Today is the 1 year anniversary of #LuxLeaks, the scandal which revealed the tax secrets of 350 multi-billion companies. The three whistle blowers who revealed the tax dealings are currently facing criminal charges.
But what have the tax policies of a small, wealthy European country got to do with Oxfam’s work to fight poverty? Here are some of the reasons why we marked the anniversary as part of our Even It Up campaign.
1. The tip of the iceberg: It's tax tricks like the Luxleaks scandal which are the beating heart of the rigged global tax system that deprives governments of billions.
2. Tackling inequality: Fighting tax dodging is a critical part of the global fight against inequality. Combined together, fixing the international web of rigged rules, tax loop holes and accounting tricks would be a giant leap when it comes to solving inequality. For example, the $100 billion developing countries lose to tax dodging is a lot of potential financing for the schools, hospitals and infrastructure projects that are key to tackling inequality.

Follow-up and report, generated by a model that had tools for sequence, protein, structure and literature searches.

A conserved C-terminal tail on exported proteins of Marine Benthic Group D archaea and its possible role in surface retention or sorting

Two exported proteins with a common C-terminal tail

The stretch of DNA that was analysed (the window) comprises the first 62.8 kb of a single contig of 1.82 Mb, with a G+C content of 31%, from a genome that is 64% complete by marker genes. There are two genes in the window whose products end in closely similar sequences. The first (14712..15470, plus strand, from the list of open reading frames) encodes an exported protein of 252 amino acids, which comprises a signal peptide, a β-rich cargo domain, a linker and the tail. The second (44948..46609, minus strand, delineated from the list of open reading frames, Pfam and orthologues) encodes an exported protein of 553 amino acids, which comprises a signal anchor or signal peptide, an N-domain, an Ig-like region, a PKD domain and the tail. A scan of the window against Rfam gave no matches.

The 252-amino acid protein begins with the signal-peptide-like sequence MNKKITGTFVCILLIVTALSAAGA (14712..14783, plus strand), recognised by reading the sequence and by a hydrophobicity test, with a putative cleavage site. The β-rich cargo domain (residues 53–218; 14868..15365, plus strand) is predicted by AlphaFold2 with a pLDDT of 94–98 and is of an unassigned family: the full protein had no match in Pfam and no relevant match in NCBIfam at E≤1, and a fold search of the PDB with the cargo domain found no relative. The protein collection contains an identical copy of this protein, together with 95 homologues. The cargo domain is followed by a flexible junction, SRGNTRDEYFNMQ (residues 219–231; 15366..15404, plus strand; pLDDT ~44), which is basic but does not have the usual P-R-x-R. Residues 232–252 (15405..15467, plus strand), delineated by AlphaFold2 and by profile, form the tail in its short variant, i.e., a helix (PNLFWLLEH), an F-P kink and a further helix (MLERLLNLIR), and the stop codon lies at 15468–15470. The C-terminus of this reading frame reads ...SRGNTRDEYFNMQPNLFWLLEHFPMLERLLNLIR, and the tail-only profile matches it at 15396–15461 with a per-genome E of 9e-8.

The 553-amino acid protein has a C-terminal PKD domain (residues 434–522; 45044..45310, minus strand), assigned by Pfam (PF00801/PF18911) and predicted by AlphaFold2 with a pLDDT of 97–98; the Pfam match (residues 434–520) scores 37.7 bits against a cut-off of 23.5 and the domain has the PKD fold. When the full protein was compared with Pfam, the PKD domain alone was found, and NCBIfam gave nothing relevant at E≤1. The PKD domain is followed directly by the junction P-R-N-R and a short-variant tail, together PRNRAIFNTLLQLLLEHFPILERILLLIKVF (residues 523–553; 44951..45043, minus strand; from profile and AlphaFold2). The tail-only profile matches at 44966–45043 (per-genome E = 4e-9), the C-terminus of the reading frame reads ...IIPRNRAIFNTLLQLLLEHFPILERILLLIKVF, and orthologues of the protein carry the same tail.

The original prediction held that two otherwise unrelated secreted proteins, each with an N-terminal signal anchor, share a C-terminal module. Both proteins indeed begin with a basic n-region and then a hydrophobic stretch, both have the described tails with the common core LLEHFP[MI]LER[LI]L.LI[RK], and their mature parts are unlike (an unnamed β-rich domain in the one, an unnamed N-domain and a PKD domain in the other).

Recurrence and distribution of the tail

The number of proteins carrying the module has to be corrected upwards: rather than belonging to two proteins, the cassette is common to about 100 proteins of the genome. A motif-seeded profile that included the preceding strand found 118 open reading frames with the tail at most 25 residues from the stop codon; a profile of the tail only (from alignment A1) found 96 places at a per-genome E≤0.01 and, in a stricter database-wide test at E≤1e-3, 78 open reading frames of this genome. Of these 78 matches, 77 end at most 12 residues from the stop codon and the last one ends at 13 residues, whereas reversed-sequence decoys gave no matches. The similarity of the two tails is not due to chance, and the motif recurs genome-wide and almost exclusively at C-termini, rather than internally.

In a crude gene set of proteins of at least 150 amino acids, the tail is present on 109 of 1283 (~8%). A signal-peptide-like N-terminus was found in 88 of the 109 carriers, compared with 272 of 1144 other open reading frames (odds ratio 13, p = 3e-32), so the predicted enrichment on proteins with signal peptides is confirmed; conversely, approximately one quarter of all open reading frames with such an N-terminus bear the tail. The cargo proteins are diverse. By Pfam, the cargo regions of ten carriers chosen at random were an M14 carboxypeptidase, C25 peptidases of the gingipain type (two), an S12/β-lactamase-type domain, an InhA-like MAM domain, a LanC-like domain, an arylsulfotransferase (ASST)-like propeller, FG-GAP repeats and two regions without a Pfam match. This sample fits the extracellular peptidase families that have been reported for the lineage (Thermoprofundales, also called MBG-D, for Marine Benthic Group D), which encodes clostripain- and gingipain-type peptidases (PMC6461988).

3. Information is powerful: Individuals like the whistle blowers wouldn’t have to put their freedom on the line to reveal this information if companies were obliged to publish where they do business and where they pay tax. Without this information being publicly available, it’s more challenging to set the system straight. In rich and poor countries alike, we need governments to make companies publish their tax affairs allowing citizens to call on governments to hold companies to account if they’re tax dodging .From Warsaw to London, Europeans blew their whistles in solidarity with the LuxLeaks whistle blowers and to call for an end to corporate tax secrecy.
Watch and share the video below to blow your whistle and join the movement to Even It Up.
This publication has been produced with the assistance of the European Union. The contents of this publication are the sole responsibility of Oxfam and can in no way be taken to reflect the views of the European Union
What you can do now
Read Oxfam's flagship report on economic inequalit: Working for the Few